bolognese, a traditional meat sauce hailing from the bologna region of northern italy, is quintessential italian comfort food. both rustic & elegant at the same time, it is so, so easy to make at home, requiring nothing more than a high-quality flavorful meat, pantry staples, aromatics, vino & some tlc. i lighten up my bolognese up as a “fauxlognese” by using ground turkey & amping up the veggies with extra carrots & onions. served with big bucatini noodles with their perfect al dente chew, this lightened up bolognese is a perfectly comforting fall dinner to bring italy straight into your home.
in the years immediately following my college graduation, i worked as a server in a family-run italian fine dining spot in downtown milwaukee, zarletti. working as a service professional might not be what most consider to be a glamorous gig for a college grad, but i loved every minute of it. despite the weird hours & the high pressure environment, waiting tables was the best way to learn about life, food & wine, & myself in my early twenties.
i think much of my growth during this period came as a result of the fact that zarletti is a real-deal family-run joint. owner, brian, is one of the most loyal & generous people i have come across & despite having found success in a handful of restaurant ventures, he is still completely hands-on at the restaurant. he has a beautiful heart & takes his staff in, welcoming them as his own family. the zarletti family is a tight-knit tribe & i think it totally comes across in the intimate dining experience they offer.
if you’re ever in milwaukee, you must stop by zarletti. it is such a gem.
highlighting the flavors & wine of the northern regions of italy, zarletti brings modern sophistication to rustic italian cooking. despite having plenty of modern italian dishes, zarletti’s respect for classic italian technique is evident as you peruse the menu – a seriously bad ass antipasti platter, a signature osso bucco, a rotating scratch-made ravioli (butternut squash with brown butter is seriously the bomb), & a ragu della casa with hand-cut parpadelle pasta made in house.
one of the dishes the serving staff at zarletti always highlights to guests as a house specialty is the ragu della casa.
the inevitable question ALWAYS to follow: “uhh, what is ragu??” guests usually wanted to know into which one of two buckets ragu fell: red sauce or white sauce.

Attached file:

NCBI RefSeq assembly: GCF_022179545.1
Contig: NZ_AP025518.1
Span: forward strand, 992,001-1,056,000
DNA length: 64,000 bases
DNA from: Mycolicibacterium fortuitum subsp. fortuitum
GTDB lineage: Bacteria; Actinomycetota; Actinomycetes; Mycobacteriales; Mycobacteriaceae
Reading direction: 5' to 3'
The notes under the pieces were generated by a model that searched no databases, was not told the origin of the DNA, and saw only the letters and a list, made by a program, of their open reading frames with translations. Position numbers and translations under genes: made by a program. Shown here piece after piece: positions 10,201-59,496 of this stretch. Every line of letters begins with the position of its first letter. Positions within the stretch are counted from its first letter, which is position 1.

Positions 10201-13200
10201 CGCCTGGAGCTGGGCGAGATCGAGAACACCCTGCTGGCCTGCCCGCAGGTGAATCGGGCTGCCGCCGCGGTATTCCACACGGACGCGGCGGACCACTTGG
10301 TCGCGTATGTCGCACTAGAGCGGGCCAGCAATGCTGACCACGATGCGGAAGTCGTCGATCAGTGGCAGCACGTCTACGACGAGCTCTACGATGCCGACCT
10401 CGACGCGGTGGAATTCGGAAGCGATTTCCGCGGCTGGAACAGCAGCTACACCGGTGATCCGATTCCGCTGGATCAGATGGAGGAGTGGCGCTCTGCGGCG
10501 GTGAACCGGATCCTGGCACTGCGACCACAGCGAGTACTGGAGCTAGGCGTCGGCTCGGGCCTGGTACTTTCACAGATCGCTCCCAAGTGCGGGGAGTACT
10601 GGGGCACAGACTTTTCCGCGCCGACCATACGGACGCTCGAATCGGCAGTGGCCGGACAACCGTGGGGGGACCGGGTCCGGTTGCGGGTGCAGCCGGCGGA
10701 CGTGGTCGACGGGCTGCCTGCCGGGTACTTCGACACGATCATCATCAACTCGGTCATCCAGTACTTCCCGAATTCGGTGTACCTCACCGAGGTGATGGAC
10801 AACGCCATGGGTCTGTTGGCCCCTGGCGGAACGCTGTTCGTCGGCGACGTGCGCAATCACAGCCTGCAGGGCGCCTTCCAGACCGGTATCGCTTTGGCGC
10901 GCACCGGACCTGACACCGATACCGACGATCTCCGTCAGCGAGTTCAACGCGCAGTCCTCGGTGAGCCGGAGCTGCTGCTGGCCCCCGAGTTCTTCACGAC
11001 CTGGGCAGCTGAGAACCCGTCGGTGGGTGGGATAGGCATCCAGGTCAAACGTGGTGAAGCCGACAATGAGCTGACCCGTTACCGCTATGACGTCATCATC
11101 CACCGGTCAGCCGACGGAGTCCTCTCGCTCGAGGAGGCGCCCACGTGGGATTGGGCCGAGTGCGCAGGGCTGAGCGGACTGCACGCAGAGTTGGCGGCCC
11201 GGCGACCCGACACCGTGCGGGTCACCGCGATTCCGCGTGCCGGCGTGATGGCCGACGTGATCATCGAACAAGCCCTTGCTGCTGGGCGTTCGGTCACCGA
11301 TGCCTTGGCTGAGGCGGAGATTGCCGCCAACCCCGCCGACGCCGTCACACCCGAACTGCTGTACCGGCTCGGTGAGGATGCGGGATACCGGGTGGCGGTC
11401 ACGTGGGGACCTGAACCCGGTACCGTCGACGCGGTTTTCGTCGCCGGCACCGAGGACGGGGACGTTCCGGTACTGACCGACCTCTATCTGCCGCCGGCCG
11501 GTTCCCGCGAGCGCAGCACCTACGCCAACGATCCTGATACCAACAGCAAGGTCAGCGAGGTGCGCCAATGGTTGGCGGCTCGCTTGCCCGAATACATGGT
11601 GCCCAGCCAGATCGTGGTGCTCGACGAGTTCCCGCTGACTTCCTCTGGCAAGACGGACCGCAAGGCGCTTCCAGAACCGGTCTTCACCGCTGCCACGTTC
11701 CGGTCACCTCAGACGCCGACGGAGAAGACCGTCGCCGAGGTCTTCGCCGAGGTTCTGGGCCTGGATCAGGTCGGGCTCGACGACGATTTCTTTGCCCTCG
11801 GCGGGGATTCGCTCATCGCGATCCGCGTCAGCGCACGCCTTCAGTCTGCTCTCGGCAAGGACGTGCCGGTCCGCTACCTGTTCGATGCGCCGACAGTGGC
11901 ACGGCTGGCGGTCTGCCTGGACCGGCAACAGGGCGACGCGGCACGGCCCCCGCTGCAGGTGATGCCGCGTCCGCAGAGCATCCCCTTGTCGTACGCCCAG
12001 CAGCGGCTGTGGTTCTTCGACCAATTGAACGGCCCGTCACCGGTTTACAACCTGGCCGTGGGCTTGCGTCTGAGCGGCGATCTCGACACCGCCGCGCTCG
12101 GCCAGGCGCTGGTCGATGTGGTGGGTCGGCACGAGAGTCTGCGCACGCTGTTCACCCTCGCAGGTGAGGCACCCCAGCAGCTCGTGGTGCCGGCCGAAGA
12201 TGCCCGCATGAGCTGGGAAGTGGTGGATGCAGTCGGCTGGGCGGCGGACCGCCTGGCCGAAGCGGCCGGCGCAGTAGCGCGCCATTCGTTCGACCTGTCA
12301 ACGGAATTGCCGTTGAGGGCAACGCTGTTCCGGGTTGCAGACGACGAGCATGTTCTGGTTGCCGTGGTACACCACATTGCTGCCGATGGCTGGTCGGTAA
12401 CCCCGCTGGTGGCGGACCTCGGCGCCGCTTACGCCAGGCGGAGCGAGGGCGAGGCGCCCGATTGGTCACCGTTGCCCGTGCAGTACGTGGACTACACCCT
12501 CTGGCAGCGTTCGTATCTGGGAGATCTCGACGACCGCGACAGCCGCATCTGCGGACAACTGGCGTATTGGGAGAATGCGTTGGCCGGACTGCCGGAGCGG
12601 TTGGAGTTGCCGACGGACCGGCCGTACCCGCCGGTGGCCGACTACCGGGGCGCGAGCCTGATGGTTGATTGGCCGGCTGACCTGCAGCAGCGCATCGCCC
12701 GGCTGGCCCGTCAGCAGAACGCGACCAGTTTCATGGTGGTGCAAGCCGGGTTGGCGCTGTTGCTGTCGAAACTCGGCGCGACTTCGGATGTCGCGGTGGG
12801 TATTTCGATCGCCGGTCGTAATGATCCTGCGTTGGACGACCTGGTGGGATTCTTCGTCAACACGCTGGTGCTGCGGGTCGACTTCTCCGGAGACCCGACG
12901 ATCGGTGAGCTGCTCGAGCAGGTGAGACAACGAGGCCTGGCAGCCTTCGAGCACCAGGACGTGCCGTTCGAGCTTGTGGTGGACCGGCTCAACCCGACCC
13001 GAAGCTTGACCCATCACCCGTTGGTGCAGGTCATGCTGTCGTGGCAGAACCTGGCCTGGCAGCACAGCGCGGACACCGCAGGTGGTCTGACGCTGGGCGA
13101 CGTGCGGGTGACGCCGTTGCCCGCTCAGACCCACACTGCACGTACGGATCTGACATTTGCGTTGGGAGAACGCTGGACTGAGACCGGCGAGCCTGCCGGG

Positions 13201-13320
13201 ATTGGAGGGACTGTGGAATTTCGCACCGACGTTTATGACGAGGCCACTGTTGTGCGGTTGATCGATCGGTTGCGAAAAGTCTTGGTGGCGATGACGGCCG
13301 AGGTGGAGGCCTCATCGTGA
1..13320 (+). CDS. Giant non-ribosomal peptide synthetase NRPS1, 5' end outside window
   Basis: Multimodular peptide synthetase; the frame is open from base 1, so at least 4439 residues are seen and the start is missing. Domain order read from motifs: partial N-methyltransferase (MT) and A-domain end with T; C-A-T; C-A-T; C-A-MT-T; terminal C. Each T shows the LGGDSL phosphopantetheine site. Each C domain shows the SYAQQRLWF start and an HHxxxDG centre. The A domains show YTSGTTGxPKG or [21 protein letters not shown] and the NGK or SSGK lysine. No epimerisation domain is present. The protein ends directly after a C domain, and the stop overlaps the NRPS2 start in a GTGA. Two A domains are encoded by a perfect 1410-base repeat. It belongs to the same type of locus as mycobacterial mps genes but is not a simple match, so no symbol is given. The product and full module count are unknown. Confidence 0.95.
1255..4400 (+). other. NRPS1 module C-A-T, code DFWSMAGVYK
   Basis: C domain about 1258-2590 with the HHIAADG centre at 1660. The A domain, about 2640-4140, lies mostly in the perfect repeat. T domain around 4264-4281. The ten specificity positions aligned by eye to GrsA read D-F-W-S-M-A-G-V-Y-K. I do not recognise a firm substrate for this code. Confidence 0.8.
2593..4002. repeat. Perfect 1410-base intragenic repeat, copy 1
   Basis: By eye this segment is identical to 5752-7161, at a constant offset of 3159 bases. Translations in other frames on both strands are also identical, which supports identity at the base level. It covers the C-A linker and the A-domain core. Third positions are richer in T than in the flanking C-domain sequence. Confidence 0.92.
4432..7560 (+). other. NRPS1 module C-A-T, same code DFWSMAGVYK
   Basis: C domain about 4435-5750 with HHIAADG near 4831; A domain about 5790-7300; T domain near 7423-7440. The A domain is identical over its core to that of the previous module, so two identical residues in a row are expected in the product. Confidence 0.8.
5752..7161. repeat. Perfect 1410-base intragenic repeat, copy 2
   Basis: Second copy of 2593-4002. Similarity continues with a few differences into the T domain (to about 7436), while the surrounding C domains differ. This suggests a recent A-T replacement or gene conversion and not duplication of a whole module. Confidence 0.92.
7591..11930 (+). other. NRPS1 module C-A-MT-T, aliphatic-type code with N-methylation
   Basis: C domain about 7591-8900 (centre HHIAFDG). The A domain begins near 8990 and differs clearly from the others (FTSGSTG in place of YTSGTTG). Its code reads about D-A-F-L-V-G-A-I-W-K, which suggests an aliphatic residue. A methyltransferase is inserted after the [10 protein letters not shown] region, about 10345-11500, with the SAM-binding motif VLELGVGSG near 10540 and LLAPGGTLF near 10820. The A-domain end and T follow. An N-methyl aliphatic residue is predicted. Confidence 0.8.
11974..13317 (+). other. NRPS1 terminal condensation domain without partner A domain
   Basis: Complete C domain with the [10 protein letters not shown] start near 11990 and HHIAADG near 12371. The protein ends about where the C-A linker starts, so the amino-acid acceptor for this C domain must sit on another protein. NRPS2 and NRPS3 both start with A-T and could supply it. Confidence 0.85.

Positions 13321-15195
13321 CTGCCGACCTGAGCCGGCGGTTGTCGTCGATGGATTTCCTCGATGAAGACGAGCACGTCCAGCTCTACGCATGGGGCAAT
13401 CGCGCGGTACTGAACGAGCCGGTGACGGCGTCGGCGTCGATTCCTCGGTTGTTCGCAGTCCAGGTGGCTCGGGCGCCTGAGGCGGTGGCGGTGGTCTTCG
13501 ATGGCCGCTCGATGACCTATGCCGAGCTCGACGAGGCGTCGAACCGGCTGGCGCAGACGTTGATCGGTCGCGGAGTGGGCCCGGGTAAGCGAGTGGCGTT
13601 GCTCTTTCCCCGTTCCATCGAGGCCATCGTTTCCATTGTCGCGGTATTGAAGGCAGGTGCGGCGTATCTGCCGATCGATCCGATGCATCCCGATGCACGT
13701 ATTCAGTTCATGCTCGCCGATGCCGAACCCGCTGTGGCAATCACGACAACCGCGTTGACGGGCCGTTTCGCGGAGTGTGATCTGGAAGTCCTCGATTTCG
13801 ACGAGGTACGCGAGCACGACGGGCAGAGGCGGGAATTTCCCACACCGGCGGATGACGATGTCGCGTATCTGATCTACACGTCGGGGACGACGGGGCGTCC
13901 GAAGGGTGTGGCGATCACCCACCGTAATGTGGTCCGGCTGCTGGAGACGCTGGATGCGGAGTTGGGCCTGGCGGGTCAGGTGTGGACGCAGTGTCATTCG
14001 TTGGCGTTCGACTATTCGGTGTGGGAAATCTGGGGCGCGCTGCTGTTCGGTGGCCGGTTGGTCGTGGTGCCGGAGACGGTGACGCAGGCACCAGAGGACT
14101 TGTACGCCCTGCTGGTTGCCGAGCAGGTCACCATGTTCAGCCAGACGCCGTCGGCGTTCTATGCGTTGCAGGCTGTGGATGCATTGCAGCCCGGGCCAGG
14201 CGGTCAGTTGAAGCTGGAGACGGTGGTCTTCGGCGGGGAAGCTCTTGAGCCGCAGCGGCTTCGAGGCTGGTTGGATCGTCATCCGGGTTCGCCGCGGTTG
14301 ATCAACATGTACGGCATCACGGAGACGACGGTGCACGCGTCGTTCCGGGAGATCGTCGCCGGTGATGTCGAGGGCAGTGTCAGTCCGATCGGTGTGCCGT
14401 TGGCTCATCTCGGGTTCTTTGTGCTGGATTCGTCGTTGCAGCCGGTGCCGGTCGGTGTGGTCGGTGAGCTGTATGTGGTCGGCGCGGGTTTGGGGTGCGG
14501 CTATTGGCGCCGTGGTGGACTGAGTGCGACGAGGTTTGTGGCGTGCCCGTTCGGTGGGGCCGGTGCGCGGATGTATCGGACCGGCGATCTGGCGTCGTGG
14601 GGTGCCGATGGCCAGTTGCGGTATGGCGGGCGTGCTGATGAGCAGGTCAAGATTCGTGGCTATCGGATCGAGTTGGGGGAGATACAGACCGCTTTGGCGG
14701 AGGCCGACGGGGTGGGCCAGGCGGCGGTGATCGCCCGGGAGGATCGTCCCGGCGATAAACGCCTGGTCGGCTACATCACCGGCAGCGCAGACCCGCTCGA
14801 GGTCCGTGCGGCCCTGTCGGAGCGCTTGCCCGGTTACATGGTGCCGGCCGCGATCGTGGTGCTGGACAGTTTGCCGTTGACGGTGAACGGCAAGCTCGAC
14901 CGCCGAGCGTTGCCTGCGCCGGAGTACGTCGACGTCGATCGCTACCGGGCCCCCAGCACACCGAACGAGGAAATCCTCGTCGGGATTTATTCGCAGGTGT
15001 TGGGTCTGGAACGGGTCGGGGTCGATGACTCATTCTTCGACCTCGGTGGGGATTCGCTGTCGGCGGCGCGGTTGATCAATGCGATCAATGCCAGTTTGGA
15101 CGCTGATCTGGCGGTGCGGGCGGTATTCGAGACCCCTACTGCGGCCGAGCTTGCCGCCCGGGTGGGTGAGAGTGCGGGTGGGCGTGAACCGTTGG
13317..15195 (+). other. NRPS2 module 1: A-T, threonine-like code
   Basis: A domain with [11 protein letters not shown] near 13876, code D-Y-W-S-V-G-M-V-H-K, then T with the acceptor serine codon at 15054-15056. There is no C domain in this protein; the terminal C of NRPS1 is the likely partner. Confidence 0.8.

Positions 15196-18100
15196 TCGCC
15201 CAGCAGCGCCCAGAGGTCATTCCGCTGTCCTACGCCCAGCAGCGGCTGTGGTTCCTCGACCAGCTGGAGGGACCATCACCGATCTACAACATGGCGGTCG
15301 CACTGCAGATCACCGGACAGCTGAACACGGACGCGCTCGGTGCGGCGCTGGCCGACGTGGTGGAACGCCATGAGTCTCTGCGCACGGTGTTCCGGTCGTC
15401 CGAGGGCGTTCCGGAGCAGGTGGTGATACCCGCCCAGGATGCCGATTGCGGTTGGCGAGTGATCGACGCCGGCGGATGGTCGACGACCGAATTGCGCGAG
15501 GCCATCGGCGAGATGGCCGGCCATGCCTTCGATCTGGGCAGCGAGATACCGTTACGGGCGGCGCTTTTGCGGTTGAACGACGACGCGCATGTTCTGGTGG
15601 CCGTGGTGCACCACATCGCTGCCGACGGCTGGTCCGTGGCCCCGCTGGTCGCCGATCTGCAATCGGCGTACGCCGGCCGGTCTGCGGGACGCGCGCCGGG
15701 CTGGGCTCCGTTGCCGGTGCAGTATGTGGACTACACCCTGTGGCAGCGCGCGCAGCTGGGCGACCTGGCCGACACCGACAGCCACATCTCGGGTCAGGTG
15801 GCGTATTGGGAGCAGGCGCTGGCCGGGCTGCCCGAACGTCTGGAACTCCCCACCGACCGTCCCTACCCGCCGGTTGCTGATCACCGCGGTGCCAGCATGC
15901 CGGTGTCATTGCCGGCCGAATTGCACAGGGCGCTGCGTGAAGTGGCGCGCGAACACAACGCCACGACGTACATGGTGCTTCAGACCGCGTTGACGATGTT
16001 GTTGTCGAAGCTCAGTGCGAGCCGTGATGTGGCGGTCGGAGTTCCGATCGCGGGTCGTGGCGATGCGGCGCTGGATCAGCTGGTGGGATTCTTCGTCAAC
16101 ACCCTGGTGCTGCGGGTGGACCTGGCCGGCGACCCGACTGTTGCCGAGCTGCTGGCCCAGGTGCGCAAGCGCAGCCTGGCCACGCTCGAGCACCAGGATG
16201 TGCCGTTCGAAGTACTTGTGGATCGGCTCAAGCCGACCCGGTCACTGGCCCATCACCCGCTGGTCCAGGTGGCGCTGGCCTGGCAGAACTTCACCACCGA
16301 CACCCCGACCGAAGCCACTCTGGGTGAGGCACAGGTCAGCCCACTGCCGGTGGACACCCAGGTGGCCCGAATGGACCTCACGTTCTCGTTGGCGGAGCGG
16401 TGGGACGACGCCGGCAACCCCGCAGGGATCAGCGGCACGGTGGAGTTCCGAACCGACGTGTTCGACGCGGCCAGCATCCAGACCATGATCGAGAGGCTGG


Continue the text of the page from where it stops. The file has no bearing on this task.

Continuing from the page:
ragu, however, is on its own in a stand alone category. it’s a slowly simmered meat sauce meant to highlight whatever meat you’re using. it has veggies & it has tomatoes, but it also has some wine, lots of aromatics, & a splash of cream. the lot of it is slowly simmered for hours to develop a rich depth of flavor.
zarletti always serves 2 ragus: one a traditional beef & pork bolognese & the other a rotating option – highlighting anything from wild boar to duck (a guest favorite!). always served on hand-cut parpadelle pasta made right in house, these ragus are a a guest favorite & are definitely among of zarletti’s well-known specialty dishes.
the bolognese also made its way straight to the center of my italian food loving heart. i would eat the bolognese with parpadelle all the time as my shift meal & it will forever go down in history as my all-time favorite dishes. when i left behind my server’s aprons at zarletti to make some moves into the corporate world, bolognese was the first recipe i set out to master in my own kitchen.
both rustic & elegant at the same time, pasta bolognese is so, so easy to make at home, requiring nothing more than a high-quality flavorful meat, pantry staples, aromatics, vino & some tlc.
confession: my bolognese is really a fauxlognese, using ground turkey instead of the classic 1:1 combination of ground veal & ground pork. when i cook at home, i like to lighten things up when it makes sense to do so & doesn’t compromise the recipe & this is totally one of those cases.
while meant to highlight a beautiful meat, the flavor for a bolognese is really built with the initial sauté of the veg. i use onions & a ton of carrots, but you could also throw in some celery or fennel if it tickles your fancy. traditionally you chop these veggies up into the teeniest tiniest little itty bitty pieces imaginable & really brown the crap outta them. because i love the rustic texture that the carrots add to the sauce, so i depart from tradition & opt for a larger dice (ain’t nobody got time to brunoise at home).
once your veggies & meat are browned, the next oh-so-important steps are a delicate dance of adding aromatics liquid & simmering the sauce down slowly to reduce, resulting in a rich, flavor bomb of a sauce. it’s a slow process, but is very low-maintenance, requiring low heat & minimal stirring.
oh, & just throwing this out there, but while the bolognese is simmering, you should totally pour yourself a glass of wine. italian cooking is all about enjoying the process #justsaying.